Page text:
Silence Of The Wolf Page 25
While Tom drove them to Darien\s home, Elizabeth pulled her phone out of her backpack to call North. She had to tell him she wouldn\ be at Bertha\s B and B tonight. She paused. What if somehow North\s knowing where she stayed was the reason the burglars had broken into her room? What if they had seen her leave the B and B with Tom and had followed her to the resort?
What if they were working for her uncle?
She chewed on her lip. She hated all this second-guessing.
She called North\s number, and he picked up.
’’Call you back later,’’ North said abruptly, then hung up on her.
She stared at the phone. The break-in might not have anything to do with North, but she sure didn\ like him not taking her call. Was her Uncle Quinton visiting North? Questioning him about her?
’’Anything wrong?’’ Tom asked.
’’Um, no.’’ She had told the truth. There might be nothing wrong. She shoved her phone back into her pack. At least she hoped that was the truth. She didn\ want Tom and his pack involved in this business with her and the red pack.
When they arrived at Darien and Lelandi\s two-story log home, Elizabeth guessed it had to be about ten thousand square feet, large enough to accommodate pack gatherings. Smoke curled from two chimneys. Snow piled on the windowsills and icicles dripping off the roof made the house look like a warm place to spend the winter season.
An unwanted feeling of sadness slid through her as she thought about not having a pack to belong to or someone to watch her back as she watched his or hers. She quickly quashed that notion. She\d been perfectly happy and much safer since she\d hightailed it out of the southeastern part of Colorado and settled in Texas.
Tom escorted her into the house, stopping only to remove the parka draped over her shoulders, and then led her into the living room where he introduced Lelandi. All smiles, she greeted Elizabeth, her hand outstretched. She was gentle, as if she was afraid Elizabeth would break. Elizabeth smelled that Lelandi was a red wolf who didn\ seem to have any animosity for her, despite the fact that Elizabeth was part coyote. That open-mindedness was so foreign to Elizabeth that she couldn\ fathom it.
Her red hair secured in a bun, Lelandi had on the professional navy-blue business jacket and skirt she wore for seeing her psychology clients. Her eyes were clear green, unlike Elizabeth\s more blue-green, but the two women looked similar in terms of height and hair color. Elizabeth was finer boned, probably due to her coyote ancestry.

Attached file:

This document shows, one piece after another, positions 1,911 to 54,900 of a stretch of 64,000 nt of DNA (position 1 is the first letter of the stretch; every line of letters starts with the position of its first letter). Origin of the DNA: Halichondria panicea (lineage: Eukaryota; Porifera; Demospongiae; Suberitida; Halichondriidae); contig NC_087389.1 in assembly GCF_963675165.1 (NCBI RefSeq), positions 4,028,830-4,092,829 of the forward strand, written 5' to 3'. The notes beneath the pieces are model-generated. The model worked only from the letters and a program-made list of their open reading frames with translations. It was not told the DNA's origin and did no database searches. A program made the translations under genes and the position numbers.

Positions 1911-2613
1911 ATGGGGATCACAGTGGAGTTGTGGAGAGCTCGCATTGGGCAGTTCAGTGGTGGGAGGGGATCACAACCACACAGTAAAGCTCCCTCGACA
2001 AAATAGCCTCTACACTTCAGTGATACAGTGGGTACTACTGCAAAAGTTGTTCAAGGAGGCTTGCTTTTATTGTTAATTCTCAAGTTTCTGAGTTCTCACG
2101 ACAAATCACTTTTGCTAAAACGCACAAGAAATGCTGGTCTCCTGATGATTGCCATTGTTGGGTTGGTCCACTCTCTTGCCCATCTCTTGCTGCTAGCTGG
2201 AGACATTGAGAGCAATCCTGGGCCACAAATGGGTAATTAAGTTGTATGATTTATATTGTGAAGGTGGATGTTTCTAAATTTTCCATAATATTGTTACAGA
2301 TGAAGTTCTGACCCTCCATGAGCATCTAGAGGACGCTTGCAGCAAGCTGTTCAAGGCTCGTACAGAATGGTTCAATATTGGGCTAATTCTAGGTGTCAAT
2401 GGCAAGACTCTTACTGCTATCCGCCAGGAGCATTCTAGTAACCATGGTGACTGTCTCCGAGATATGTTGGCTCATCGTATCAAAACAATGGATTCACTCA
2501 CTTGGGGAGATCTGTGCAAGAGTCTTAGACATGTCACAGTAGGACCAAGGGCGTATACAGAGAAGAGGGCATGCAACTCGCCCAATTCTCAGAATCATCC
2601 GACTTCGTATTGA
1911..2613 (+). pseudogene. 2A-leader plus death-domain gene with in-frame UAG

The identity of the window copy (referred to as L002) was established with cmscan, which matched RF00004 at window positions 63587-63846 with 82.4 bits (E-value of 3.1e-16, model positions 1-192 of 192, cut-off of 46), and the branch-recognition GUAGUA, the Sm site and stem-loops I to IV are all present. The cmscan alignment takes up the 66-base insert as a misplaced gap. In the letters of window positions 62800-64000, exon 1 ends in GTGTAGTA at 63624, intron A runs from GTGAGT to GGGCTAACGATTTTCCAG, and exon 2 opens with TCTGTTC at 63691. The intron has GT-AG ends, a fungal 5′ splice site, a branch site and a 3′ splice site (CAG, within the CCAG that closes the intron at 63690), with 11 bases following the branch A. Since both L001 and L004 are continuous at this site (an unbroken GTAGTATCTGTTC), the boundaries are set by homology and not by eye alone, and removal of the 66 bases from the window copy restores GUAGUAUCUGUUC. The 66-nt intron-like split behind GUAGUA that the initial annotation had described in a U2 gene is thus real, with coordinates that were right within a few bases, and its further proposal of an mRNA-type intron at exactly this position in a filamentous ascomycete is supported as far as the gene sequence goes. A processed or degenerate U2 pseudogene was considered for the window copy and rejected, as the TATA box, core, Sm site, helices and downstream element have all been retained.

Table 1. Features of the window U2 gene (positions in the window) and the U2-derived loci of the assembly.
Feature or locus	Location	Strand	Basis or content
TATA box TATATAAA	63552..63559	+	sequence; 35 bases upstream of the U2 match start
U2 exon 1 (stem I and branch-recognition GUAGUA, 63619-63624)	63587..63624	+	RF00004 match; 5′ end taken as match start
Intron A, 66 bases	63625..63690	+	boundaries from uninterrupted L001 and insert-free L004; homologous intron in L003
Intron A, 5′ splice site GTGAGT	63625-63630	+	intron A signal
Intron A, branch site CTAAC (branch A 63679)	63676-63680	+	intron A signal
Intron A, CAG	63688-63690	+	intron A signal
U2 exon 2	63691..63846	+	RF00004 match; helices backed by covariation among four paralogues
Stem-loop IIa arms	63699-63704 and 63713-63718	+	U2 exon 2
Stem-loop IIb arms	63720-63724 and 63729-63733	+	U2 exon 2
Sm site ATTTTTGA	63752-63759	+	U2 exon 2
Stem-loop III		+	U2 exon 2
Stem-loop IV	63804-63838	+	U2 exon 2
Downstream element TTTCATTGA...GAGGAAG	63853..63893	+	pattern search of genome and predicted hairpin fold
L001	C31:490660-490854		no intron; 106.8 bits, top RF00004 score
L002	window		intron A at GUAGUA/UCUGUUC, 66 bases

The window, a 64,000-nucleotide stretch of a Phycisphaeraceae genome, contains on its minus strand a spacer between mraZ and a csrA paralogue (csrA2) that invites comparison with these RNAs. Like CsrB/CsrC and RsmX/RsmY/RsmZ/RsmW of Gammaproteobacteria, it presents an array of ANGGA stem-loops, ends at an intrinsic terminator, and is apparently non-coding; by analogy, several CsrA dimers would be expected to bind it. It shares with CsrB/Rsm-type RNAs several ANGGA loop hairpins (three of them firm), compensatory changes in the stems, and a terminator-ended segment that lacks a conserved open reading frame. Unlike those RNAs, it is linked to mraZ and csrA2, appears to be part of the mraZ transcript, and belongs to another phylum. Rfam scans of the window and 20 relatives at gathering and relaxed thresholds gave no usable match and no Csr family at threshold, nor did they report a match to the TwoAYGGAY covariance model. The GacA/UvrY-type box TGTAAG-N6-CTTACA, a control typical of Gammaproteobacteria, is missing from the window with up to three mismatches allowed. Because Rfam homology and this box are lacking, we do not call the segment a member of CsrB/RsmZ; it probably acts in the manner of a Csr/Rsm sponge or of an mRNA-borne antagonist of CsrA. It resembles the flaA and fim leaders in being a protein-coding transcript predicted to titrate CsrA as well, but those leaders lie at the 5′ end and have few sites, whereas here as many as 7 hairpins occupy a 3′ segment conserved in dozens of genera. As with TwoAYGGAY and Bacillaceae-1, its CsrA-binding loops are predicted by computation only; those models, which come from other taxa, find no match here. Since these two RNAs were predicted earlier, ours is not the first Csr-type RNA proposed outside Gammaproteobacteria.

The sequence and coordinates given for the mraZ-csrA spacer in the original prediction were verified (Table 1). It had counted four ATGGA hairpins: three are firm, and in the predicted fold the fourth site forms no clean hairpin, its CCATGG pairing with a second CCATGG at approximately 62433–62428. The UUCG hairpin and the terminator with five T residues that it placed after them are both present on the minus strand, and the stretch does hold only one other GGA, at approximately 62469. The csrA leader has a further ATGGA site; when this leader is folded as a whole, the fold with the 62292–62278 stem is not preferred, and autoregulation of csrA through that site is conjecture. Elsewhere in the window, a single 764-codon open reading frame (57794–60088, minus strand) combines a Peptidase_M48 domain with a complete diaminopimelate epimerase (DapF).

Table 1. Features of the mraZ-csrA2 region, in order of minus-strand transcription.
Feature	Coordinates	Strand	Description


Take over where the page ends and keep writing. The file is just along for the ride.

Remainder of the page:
’’You really didn\ have to go to all of this trouble for me,’’ Elizabeth said, feeling more like an intruder in the family business than anything.
’’Nonsense. Usual fare. Think nothing of it. We\ e delighted to have you stay with us.’’
The welcome was in Lelandi\s voice, though Elizabeth also heard something else a pack leader\s declaration: You will stay with us for your protection. Elizabeth was used to being independent and on her own, so she wasn\ sure how to feel about that.
The whole home was warm and welcoming, with soft velour couches and chairs, pale yellow painted walls, and a massive stone fireplace where a fire crackled and red-orange flames spiraled upward. An extra cushiony beige carpet was underfoot, and dark, polished wood beams crisscrossed a high ceiling.
But something more than its physical appearance made the home inviting.
Elizabeth could sense the feel of family here, unlike in her own home. She felt safe there from her pack, but she realized there was something to be said for having a family. Her home was isolated, singular, and if she admitted it to herself, lonely.
A blue-eyed blonde came out of another room and greeted her, smiling broadly and with her hand extended. Another red wolf. Elizabeth was astounded to see two of them here. Maybe red she-wolves, in particular, appealed to this group of grays, she thought.
’’I\m Carol McKinley, a nurse. I\ve been told you\ve had a rough time of it, so if you\ e ready, I\ll take you up to your room. You can lie down for a bit until we eat dinner.’’
Lelandi smiled. ’’We\ll see you a little later. Get some rest, Elizabeth.’’
Again, the pack leader had decided. Not that Elizabeth didn\ appreciate the ’’offer.’’ She was all too glad to lie down for a while.
’’Thanks.’’ Elizabeth glanced at Tom. He dipped his head, letting her know he approved of the idea.
She didn\ really need his approval, but she wanted him to know she cared about his feelings. When did that get to be an issue?
He ran his hand over her shoulder in a tender caress. ’’Feel better,’’ he said emphatically, his gaze on hers.
’’I\ll be a hundred percent before you know it.’’
He smiled a little at that, and she wasn\ sure if he thought she was joking. ’’I will,’’ she insisted, then headed for the stairs with Carol.
’’You will,’’ Carol said, repeating Elizabeth\s words like a mantra. ’’Half the fight is taking a positive stance.’’
’’The other half is having genetics that help us to heal faster,’’ Elizabeth said.
Carol laughed as they climbed the stairs. ’’I have to admit that\s the thing I love best about being a wolf. I\m a red wolf, too. Newly turned.’’
’’Oh.’’ She wondered if Carol wasn\ used to everyone knowing what everyone was just by smell. She didn\ know what to say to Carol about having been turned, since Elizabeth herself had turned a human and that had worked out very badly. Taking her mind off that scenario, she tried to look at the photographs of mountain wildflowers hanging on the walls.